me, I’ve been whispering to you for a long time. Now I want a response from you. Don’t ignore me. I want you to give me something. Besides, you can’t resist.

Don’t turn around; let him go. That leaf is floating just where your mouth is, in your face of grey sky. You kiss it, feeling the damp paper against your lips, sticking to them, warmer than the icy water that chills your teeth. It sends an ache through your jaw that thrills along your cheekbones. Push the leaf down into the water; don’t worry, it clings to you keeping your mouth closed. Your hair is stroking your burning cheeks, snaking away in front of your eyes like weeds; each strand is separated like the veins on the leaf. Your hands are being pulled into the mud. It’s a strange silky texture, seeming to hold onto you but also disappearing from under your touch. Look at the water seeping up through the threads of your clothes, turning them to dull dark brown. One last push should do it. Yes. Feel the heaviness of your boots kicking in the water. Close your eyes, go to sleep, down here in a blanket of leaves. Ignore the hands, fight them, and don’t let them get you. I’m not done with you and he isn’t allowed. Beat him away. Pull your hands up out of the mud and drive them into him, forget that you are weak. Ignore the screaming; he doesn’t care like I do. Let me help you. Fight to keep your head under; you’re only failing because it’s nearly over. Open your mouth, spit the leaf from your teeth, and take a gulp. Don’t let him ruin this. Don’t let him.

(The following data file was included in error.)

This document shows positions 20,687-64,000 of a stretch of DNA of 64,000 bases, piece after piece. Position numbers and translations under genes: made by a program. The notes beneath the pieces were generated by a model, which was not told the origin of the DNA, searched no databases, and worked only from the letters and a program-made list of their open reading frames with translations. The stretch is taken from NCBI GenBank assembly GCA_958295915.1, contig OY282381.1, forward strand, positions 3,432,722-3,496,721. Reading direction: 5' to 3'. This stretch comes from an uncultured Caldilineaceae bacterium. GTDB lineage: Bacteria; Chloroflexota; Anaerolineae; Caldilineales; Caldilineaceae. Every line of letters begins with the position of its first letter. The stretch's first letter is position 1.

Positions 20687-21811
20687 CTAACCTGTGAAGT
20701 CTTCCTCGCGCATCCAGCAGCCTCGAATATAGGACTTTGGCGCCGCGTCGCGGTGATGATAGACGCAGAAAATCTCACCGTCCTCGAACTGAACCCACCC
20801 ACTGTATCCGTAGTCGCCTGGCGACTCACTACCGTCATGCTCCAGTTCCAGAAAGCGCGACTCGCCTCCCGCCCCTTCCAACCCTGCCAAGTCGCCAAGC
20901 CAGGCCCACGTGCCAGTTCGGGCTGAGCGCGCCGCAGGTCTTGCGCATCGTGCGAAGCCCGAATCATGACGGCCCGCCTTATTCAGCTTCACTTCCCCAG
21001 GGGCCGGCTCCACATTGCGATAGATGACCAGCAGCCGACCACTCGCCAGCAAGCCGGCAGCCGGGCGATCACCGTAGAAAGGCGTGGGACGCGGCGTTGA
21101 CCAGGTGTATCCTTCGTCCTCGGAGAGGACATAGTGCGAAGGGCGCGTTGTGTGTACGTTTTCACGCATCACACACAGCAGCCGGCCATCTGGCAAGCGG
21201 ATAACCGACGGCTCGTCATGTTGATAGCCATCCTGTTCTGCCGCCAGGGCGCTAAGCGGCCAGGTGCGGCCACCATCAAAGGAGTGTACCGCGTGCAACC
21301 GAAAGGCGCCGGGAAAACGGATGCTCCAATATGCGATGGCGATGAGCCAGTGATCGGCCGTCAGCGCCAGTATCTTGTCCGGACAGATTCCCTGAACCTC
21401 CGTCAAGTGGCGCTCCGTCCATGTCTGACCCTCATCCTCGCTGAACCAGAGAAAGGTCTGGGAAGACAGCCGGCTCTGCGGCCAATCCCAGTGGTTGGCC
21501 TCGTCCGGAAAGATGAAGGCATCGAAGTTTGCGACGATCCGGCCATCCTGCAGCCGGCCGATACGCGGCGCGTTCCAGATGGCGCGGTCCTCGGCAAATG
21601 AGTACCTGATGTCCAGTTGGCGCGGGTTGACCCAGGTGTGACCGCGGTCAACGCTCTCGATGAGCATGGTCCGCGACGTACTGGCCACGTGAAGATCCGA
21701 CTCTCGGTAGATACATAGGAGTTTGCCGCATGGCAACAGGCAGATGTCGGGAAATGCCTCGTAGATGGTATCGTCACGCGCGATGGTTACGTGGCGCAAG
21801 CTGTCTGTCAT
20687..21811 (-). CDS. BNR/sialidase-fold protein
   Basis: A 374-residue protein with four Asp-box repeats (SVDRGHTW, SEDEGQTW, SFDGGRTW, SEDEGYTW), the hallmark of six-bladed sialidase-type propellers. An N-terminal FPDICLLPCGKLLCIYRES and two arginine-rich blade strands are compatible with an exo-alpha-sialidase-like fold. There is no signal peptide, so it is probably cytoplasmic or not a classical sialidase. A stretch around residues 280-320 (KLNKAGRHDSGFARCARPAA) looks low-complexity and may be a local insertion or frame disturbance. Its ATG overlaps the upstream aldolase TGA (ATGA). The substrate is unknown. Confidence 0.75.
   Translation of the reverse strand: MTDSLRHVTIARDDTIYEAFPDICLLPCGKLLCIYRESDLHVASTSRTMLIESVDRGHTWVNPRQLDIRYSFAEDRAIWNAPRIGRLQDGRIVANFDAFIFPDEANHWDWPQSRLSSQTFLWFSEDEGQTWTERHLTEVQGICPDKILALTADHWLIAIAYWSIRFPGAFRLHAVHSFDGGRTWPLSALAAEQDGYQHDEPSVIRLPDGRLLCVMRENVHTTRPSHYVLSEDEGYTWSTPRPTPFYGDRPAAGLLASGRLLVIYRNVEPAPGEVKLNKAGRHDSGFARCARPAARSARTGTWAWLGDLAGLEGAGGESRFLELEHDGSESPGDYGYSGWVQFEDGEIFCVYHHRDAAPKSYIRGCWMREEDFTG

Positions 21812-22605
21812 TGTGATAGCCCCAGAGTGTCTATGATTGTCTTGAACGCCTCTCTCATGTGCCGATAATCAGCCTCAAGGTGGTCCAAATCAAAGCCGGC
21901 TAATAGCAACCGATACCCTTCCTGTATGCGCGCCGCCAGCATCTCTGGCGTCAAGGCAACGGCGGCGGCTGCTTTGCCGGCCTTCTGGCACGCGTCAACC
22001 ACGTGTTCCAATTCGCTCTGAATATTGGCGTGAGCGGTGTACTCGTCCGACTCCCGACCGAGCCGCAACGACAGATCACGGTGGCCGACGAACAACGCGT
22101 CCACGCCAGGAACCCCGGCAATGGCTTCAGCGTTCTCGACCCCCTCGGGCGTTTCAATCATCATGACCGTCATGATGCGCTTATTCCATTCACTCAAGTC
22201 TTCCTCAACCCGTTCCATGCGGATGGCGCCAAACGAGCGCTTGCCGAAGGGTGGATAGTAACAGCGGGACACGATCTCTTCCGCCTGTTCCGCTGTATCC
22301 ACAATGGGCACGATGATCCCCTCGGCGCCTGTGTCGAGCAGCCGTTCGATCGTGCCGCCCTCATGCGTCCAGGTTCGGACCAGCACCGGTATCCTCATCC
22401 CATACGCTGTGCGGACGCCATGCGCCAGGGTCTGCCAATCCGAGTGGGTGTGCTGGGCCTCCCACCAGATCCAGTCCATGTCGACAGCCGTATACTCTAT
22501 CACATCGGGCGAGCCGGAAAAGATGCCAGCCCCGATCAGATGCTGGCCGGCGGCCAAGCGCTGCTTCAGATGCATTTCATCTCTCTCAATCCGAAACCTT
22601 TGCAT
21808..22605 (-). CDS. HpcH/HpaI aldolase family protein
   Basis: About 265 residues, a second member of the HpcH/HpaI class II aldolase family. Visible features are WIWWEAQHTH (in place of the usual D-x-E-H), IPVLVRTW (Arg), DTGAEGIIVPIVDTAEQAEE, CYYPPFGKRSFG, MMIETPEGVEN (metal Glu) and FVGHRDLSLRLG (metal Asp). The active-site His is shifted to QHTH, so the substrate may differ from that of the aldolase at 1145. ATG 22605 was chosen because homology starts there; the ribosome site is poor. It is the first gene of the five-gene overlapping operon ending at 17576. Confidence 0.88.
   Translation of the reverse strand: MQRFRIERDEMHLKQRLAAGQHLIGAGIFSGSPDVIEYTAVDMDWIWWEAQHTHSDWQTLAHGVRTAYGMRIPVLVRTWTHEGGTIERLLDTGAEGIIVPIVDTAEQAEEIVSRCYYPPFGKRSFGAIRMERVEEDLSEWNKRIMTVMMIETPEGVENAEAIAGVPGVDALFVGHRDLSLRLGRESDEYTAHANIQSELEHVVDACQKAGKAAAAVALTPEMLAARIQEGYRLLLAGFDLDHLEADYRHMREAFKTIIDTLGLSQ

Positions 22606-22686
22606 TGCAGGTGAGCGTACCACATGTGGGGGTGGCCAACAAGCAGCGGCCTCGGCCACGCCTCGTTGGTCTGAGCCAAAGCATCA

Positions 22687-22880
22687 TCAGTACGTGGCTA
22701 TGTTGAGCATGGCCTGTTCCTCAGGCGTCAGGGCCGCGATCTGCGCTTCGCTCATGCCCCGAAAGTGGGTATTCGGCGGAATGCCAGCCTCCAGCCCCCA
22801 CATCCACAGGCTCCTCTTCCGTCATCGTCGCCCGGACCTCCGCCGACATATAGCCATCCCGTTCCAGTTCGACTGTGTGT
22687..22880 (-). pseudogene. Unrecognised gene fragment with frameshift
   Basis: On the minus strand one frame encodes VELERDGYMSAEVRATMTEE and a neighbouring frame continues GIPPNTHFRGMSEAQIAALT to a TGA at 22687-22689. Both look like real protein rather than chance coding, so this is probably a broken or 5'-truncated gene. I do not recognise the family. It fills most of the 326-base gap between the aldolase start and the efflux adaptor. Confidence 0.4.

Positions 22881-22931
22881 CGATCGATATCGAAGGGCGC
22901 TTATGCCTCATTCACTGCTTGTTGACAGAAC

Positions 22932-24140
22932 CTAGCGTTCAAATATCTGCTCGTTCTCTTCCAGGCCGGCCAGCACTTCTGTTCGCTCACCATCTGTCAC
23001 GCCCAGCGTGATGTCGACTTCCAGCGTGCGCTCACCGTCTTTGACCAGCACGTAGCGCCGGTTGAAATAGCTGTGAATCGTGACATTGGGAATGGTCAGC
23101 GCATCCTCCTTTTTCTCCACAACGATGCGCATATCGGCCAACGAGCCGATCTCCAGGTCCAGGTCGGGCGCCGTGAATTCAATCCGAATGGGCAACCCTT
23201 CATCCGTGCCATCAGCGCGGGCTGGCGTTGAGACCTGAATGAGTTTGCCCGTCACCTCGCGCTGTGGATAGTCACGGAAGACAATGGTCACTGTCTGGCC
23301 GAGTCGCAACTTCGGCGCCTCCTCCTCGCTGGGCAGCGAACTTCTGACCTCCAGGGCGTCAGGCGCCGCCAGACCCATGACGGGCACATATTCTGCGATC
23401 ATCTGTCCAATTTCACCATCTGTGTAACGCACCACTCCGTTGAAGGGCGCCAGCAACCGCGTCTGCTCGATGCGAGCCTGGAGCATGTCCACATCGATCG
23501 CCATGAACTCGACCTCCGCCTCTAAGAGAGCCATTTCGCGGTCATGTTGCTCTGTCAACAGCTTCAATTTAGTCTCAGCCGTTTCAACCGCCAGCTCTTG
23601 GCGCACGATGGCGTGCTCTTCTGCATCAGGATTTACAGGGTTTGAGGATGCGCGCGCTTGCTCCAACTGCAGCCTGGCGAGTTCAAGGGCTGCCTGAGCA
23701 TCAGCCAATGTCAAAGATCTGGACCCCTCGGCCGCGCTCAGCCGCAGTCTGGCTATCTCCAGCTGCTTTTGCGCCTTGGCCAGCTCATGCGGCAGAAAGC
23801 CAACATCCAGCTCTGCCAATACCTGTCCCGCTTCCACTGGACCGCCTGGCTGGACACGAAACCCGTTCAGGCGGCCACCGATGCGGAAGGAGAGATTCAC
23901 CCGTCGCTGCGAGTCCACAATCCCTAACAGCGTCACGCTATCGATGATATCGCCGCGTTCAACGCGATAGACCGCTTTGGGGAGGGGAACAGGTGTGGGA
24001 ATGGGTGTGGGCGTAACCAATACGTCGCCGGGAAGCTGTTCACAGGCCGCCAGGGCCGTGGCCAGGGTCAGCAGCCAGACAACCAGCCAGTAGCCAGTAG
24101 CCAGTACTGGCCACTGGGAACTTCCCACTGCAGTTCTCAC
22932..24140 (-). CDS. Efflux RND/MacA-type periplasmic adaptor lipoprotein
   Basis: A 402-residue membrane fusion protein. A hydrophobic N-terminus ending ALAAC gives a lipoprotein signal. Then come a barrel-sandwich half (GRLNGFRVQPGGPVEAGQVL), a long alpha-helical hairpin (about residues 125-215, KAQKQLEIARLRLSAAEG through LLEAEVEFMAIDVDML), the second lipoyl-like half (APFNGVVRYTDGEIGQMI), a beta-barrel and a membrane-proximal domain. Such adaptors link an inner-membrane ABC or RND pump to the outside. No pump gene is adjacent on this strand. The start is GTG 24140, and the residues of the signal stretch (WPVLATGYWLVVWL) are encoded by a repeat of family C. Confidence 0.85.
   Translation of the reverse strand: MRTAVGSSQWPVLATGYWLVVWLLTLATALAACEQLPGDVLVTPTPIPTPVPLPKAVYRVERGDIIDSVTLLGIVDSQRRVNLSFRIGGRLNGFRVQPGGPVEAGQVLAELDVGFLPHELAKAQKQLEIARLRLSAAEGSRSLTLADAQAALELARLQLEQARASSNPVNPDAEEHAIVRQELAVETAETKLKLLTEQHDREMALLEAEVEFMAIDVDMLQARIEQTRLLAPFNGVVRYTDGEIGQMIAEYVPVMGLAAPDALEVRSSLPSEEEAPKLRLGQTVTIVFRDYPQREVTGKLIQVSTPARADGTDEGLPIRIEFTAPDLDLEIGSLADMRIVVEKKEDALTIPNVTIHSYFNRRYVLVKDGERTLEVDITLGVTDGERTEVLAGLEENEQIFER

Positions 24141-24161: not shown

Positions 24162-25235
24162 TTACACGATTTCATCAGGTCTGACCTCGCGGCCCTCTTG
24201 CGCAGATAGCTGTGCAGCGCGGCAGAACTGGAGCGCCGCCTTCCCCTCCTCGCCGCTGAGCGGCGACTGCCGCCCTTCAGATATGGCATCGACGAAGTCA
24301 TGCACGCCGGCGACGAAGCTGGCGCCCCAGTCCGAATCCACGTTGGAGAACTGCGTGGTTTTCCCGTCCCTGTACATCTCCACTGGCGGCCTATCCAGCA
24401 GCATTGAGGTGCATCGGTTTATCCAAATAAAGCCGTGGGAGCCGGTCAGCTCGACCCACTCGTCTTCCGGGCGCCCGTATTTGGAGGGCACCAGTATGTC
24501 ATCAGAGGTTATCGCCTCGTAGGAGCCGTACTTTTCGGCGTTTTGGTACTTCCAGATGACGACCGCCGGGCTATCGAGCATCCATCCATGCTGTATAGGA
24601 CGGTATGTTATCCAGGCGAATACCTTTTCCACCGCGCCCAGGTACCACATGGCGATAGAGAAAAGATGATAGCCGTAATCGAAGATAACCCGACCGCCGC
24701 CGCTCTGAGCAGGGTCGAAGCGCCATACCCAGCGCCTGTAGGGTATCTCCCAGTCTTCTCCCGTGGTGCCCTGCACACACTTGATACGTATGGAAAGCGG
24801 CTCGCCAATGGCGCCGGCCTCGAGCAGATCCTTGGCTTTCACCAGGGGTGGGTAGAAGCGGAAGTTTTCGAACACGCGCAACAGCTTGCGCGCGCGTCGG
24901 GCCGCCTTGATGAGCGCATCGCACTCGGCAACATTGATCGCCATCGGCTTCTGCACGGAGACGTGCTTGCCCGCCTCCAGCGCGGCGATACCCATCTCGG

I can feel you giving up, you always do. He has you and you’re too weak to stop him. Listen to his voice; he isn’t scared, he is angry with you. Can’t you hear him asking why you won’t stand up for yourself? So now you’ll fight, you’ll fight me? Your legs are struggling in the mud; it’s being churned up all around you. You can’t get up, not with him in the way. You push against him and he slides away momentarily. There’s the grey sky an inch from your face.

“So? Don’t you have anything to say?”

A million thoughts and scenarios rush through my mind; none of which will help me. There is no option: I have to say what I need to, otherwise it could go disastrously wrong. I raise my eyes to him, to look at his earnest face; he is so excited his eyes are watery. He really believes he is in love with me and, worse, he truly thinks that I will have the same feelings. I can’t help looking at him out of pity. I’m the wrong person and I thought he would know that. I thought he would understand why I brought him here. Perhaps he did and this was his last attempt to avoid it. He is still staring at me growing more nervous, I try not to bite my lip, and he looks like he is on the verge of saying something else. He knows how I’m feeling: like drowning. I’ve felt like that for a long time and it’s time to come up for air. A blackbird is startled from the hawthorn bush next to us and with its flight I feel the need to speak before he can change topic.

“I’m sorry, Adam. I don’t love you.”

I surface.